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Klarman Urges Postponement of World Zionist Congress for Three Months

Yosef Klarman, the Herut representative on the Zionist General Council, has urged the World Zionist Organization to postpone for three months the 29th World Zionist Congress, now scheduled for January 1977, to allow Zionist Federations in the United States and elsewhere to elect delegates to the congress.

Klarman, who heads the WZO’s youth aliya department, was one of the strong dissenters when the 123-member Zionist General Council decided last month to forego elections in those countries where 90 percent of the factions represented in the Zionist Federations agreed upon a slate of delegates beforehand.

The postponement would allow the election of delegates according to the regulations that have been set by the Zionist General Council which is the actions committee of the WZO, Klarman said. He charged that the present decision to convene the congress on the basis of the composition of delegates to the last congress is illegal even if elections were held in some Zionist Federations.

ELIGIBILITY REQUIREMENTS NOT MET

Klarman said he based his charge on the findings of the WZO comptroller who said that the persons eligible to vote for delegates were those who had signed the “Jerusalem Program,” had filled out an application blank for membership in a national Zionist Federation and had paid the annual membership fee. But, Klarman stated, in most places these conditions had not been met. In the U.S., for example, he said, more than 350,000 of the 600,000 members of Zionist organizations had not signed the “Jerusalem Program.” He said similar situations existed in Canada and Britain.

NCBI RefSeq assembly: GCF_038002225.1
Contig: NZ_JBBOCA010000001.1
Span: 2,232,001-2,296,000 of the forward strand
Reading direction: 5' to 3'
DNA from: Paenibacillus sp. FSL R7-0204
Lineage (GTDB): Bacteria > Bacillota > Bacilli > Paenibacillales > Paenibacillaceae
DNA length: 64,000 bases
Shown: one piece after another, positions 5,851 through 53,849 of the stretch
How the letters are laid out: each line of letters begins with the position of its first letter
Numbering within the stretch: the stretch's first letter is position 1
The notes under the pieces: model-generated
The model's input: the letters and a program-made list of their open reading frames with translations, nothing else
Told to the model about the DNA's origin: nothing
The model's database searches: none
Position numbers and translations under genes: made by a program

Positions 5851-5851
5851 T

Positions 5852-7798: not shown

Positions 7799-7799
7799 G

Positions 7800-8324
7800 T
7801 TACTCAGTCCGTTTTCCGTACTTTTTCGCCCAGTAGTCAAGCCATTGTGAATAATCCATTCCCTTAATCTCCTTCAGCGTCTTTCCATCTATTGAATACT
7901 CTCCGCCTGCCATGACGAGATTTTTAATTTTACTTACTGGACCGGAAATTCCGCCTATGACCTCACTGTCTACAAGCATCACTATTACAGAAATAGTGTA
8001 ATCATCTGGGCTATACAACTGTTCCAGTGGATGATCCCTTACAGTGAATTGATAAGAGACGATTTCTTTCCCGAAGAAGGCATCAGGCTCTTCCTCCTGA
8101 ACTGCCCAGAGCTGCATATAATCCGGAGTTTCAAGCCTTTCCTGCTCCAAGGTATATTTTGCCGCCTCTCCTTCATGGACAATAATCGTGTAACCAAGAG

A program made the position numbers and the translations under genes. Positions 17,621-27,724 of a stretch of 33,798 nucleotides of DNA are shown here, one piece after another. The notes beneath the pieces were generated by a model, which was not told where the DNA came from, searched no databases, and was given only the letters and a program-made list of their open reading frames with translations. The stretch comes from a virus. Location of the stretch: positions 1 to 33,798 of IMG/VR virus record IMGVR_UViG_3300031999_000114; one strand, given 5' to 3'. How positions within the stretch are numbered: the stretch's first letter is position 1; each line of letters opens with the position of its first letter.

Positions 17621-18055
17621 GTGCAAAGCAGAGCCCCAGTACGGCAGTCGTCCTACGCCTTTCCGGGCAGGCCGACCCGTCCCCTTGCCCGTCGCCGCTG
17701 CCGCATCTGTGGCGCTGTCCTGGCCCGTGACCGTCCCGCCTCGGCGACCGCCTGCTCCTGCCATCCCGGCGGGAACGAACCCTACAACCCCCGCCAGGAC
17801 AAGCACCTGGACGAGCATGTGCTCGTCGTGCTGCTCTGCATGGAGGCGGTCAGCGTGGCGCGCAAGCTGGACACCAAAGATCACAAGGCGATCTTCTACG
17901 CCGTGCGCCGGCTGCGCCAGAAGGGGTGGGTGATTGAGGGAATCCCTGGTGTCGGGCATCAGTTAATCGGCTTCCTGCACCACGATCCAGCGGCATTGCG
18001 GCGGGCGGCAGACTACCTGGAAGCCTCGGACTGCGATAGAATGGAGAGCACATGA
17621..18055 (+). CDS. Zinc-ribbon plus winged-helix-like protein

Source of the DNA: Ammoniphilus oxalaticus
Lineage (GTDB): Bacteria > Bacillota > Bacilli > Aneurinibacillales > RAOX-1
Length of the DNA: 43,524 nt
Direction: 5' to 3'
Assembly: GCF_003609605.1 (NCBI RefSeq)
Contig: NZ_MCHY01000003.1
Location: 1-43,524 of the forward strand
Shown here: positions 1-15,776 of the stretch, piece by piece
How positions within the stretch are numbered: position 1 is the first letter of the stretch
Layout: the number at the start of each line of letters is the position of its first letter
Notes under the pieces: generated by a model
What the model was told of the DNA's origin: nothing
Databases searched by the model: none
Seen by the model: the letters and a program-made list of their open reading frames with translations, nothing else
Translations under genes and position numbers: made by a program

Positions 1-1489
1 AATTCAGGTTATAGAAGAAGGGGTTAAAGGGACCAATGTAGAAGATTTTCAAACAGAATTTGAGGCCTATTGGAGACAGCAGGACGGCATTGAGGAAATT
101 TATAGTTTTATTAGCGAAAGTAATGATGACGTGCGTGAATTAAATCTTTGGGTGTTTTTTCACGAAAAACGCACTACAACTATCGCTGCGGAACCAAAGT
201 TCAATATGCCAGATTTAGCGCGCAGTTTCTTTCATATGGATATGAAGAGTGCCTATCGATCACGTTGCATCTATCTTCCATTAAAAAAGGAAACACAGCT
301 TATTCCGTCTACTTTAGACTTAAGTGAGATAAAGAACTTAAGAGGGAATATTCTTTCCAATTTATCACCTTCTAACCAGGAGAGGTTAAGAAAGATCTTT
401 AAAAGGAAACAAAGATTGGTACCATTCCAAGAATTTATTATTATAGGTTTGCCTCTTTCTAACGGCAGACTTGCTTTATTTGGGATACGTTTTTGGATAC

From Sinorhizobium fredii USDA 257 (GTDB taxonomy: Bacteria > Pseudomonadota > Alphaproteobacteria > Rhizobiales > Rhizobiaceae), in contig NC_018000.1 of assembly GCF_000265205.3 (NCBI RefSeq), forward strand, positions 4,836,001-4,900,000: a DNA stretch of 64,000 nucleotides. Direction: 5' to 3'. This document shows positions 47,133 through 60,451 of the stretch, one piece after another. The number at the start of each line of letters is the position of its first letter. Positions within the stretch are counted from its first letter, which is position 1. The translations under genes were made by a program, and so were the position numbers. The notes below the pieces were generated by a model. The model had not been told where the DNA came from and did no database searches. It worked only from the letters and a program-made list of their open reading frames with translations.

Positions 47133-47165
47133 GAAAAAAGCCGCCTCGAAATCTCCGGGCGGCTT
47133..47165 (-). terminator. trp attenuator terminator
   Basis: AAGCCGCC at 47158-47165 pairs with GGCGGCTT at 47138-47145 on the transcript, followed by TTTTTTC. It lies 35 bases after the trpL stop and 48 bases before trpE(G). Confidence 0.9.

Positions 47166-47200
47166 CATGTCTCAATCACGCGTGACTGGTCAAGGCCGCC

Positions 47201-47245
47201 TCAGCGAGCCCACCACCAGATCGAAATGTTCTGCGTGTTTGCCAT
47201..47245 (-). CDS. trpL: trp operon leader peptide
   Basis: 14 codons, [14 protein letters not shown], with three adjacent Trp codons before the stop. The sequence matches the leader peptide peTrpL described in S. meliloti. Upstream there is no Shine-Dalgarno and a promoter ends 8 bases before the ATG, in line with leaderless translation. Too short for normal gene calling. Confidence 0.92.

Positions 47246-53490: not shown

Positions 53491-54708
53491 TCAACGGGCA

Unless there were elections in all Federations, the composition of the upcoming congress and every action of the congress will be illegal. Klarman stated. He said that in order to rectify this situation he was willing to have a three-month postponement.

When the Zionist General Council’s decision was first announced, Yosef Almogi, chairman of the WZO and Jewish Agency Executives, explained it would take up to two years to schedule elections and that in view of the serious problems facing Israel and Zionism it was better to postpone the elections in some places than defer the next congress.

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